Reaction vessels for wastewater flocculent mixing are used to store the wastewater to create flocs. Wastewater is added to the tank with chemicals calls flocculent which Is vigorously stirred to cause the sediments or particles in the wastewater to creates flocs.
Flocculation consists of three distinctive processes coagulation, flash mixing, flocculation, and then clarification or clean water removal. Sufficient time and velocity are necessary to maximise the effectiveness of the flocculent so that the individual parts come together
1: Adding the Flocculent
Chemical coagulants called flocculants are added to the water to destabilise the smaller individual particles and cause them to begin aggregating.
2: Flash Mixing
So that the chemicals are evenly distributed it is flash mixed from 30-60 seconds. Coagulation begins during the flash mixing process in the mix tank as the coagulants neutralise the electrical charge of the fine particles. This stops the repulsion of the individual particles and allows them to begin sticking together to form bigger ‘flocs. In the flash mix chamber, the retention time in the chamber is carefully controlled throughout the water treatment.
3: Coagulation Flocculation
After the initial more aggressive mixing, flocculation begins after slowing down the mixing so that the newly formed floc or smaller particles produced during the coagulation start adhering together. After the process, most of the particles should have bonded together, which is called the Floc. Floc consists of larger masses of particulates bonded together in clusters of about 0.1 to 3 mm in size. It is critical that the floc is not too small otherwise, it does not settle well enough or too big otherwise, it will likely break apart in the flocculation tank.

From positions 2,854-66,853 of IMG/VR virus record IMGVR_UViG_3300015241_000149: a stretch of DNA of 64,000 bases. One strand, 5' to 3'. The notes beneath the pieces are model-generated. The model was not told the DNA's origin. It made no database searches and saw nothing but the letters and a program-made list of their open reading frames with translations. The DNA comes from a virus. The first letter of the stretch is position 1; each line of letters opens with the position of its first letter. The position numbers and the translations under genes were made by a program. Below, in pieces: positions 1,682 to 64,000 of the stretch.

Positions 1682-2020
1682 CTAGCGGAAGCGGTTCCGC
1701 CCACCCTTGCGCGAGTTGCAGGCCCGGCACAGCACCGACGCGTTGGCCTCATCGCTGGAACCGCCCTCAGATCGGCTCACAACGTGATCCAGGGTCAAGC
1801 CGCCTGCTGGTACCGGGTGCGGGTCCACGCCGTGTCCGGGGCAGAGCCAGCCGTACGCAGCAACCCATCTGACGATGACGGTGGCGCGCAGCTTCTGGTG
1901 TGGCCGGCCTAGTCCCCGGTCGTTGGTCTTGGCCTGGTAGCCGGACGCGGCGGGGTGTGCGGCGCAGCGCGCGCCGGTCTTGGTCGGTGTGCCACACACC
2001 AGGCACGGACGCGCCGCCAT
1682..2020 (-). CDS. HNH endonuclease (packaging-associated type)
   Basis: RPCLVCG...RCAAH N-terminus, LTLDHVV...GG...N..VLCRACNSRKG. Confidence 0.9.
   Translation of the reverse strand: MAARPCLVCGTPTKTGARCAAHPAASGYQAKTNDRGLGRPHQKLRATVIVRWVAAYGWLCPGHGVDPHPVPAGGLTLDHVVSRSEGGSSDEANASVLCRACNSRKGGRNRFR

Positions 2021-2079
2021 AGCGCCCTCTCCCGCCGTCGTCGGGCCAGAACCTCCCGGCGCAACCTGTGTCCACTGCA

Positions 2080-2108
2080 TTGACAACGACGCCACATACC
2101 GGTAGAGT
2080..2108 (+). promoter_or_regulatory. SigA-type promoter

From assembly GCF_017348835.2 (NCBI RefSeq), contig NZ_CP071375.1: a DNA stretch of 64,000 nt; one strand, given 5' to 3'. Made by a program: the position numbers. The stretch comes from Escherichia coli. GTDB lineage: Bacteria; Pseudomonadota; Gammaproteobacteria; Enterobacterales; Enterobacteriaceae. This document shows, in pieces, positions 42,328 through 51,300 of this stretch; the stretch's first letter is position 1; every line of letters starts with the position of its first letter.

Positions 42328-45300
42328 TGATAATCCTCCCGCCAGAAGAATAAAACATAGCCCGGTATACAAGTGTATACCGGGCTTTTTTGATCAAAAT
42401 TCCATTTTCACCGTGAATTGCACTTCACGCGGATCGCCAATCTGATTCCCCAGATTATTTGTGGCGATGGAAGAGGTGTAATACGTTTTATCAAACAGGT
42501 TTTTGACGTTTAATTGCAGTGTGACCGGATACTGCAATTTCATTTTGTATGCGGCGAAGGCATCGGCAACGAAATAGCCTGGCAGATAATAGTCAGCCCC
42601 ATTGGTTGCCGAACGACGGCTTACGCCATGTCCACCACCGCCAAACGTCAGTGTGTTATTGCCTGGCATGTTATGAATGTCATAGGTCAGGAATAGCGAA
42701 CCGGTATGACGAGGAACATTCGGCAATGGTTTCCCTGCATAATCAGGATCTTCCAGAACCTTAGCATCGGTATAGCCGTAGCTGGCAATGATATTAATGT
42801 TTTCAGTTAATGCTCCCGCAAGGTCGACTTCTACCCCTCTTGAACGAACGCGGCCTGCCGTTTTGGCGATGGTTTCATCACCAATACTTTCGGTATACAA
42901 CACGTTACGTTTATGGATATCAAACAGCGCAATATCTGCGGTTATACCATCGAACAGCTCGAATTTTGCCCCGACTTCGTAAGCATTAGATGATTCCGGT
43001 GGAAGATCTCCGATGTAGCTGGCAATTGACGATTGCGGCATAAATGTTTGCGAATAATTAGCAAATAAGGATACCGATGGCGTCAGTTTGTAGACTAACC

What are Flocs?
Flocs are the result of the flocculation process individual solid particles in liquid clot together into bigger particles known as ‘clots’ or ‘flocs’ which can then be separated off to leave a cleaner and clearer liquid behind.
Flash mixing or rapid mixing consists of adding chemicals to raw water to foster coagulation, attracting particles that do not settle. The coagulants such as ferric chloride (FeCl3), PAC (poly aluminium chloride Al2Cl(OH)5), aluminium sulphate (Al2(SO4)3), make these particles easy to agglomerate during the flocculation stage.
Enduramaxx Reaction Vessels for Wastewater Flocculent Mixing
Conical cone tanks provide the ultimate solution as reaction vessels for wastewater treatment applications that require complete drainage. Using a conical tank save money and time when compared to a flat bottom tank where the tanks are being used as a settlement tank or sludge tank. The cone tank advantages with the stepper angle of the cone have been tested and proved as most effective for solids settling and solids separation applications. From 50-litre dosing tanks to store flocculants or chemicals to 30,000-litre sludge tanks, we are sure we can help with your next project. For more details on these please get in touch today.